CHICAGO, March 27 /PRNewswire-USNewswire/ -- America's Beauty Show, March 28-30 in Chicago, is dedicated to safe and healthy beauty salons. By doing so, the Show raises serious and decades overdue concerns on the dangers of conventional nationwide salons.
Salon products are generally dispensed from bulk containers without labeled ingredients. Of particular concern is the cumulative contamination of air, particularly in poorly ventilated salons, with volatile ingredients and fine particles, particularly from hair sprays. Known as aerosols, these can penetrate deeply into the lungs of clients, and even more so their stylists working a usual five-day week.
Products used in the great majority of nationwide salons contain a wide range of toxic ingredients, including carcinogens, hormonal ingredients, and allergens. Exposure to them poses hidden dangers to clients, and much more so their stylists.
Stylists, particularly in small hair and beauty salons, tend to drift in and out of their jobs. So formal long-term studies to investigate dangers to their health, known as epidemiological, are not feasible. Moreover, there is substantial and long standing evidence on a wide range of toxic effects in salon workers, particularly hairdressers and beauty stylists. These include nausea, sleep disorders, fatigue, and numbness and pain in the fingers. They also include allergic dermatitis, acute lung irritation, asthma, and chronic bronchitis.
An additional poorly recognized danger from salon and personal use relates to hair straighteners based on thioglycolic acid. Besides causing hair to become brittle and break, they can also irritate the scalp and cause pustular and allergic reactions.
Of particular concern are hair dyes. About 35 percent of women and 10 percent of men are regularly exposed to these dyes in salons or by personal use. Black and dark brown permanent and semi-permanent dyes contain carcinogens, particularly those known as phenylenediamines. These have been shown to cause cancers, particularly non-Hodgkin's lymphoma, Hodgkin's disease, and multiple myeloma, besides breast and bladder cancers. However, in spite of this long standing evidence, stylists, let alone their clients, remain unaware of these avoidable risks of sometimes lethal cancers. In sharp contrast to the U.S., these dyes have been banned in Europe.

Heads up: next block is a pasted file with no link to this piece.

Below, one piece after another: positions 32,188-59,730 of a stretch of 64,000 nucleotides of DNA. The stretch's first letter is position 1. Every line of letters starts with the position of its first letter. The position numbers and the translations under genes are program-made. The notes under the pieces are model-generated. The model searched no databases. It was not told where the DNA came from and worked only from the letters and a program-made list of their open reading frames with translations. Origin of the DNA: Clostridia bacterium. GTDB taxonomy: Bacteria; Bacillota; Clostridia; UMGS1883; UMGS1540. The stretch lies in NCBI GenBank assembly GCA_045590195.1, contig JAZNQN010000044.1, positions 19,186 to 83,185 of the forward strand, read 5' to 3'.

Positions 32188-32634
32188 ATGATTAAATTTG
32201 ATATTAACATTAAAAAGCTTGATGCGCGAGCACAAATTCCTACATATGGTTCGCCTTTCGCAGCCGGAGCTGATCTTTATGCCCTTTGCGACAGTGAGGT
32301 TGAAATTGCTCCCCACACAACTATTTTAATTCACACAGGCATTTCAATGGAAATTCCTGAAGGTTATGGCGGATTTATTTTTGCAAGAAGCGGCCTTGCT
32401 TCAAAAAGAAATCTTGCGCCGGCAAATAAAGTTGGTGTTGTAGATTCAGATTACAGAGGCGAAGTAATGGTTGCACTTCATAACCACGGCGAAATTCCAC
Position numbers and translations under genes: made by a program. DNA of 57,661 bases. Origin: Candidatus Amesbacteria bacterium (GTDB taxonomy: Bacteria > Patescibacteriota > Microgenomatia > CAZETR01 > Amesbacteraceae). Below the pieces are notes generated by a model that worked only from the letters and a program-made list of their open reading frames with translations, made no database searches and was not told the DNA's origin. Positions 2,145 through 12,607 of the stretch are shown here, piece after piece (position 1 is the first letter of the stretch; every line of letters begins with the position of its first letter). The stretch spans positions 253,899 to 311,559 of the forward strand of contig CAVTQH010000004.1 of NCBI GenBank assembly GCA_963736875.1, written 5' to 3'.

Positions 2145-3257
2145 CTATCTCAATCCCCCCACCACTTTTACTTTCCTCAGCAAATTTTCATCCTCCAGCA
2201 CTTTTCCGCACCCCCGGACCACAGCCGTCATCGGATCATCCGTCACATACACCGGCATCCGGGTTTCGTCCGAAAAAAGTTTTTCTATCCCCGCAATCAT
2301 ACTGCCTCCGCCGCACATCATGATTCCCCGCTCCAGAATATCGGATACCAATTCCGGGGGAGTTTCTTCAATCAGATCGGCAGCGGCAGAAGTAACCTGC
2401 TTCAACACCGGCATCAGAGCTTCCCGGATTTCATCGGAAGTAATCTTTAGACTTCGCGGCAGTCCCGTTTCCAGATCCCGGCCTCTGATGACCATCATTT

The continued use of these dangerous hair dyes is all the more reckless. Safe certified organic dyes, particularly those marketed by Logona, a German company, are now available in the U.S. These dyes achieve stable and long-lasting colors, ranging from brown to black.
A recently recognized concern relates to the potent carcinogen vinyl chloride, a propellant in some pressure sprays, which has been incriminated as a cause of fatal liver cancer. Another recent concern relates to hormonal phthalates in sprays to which pregnant women may be exposed, and have been incriminated as a cause of congenital abnormalities in their male infants.
Of critical importance is the protection of clients and, even more so, their stylists by establishing efficient ventilation of salons, and their workstations. The efficiency of this ventilation should conform to certified national standards.
Information on all ingredients in all products used in salons, including their risks and recommended safety precautions, should be detailed and made readily available to all stylists in standard Material Safety Data Sheets. This information is legally required by the Occupational Safety and Health Administration for all workplaces with ten or more employees. However, this requirement is observed more in the breach than the performance. This information should also be made readily available to clients.
Pressure sprays should be banned. They release very fine particles which are readily inhaled into the depths of the lungs and can irritate and cause toxic effects. Pump spray products are very much safer as their particles are at least tenfold larger, and large enough to be filtered out through the nose. Polyvinyl pyrrolidine, a common ingredient in hair sprays, is designed to increase smoothness and flexibility of the hair. However, it can cause chronic lung damage and should be banned.
Finally, eyeliners, skin lightening creams, and some brands of mascara used in salons, besides being available for purchase in beauty supply stores, contain mercury as a preservative. However, even small doses of mercury accumulate and can cause neurological damage following long term exposure.
Samuel S. Epstein, MD
Chairman, Cancer Prevention Coalition
Professor emeritus Environmental & Occupational Medicine
Author of Toxic Beauty, 2009, BenBella Books, www.benbellabooks.com
|SOURCE Cancer Prevention Coalition|
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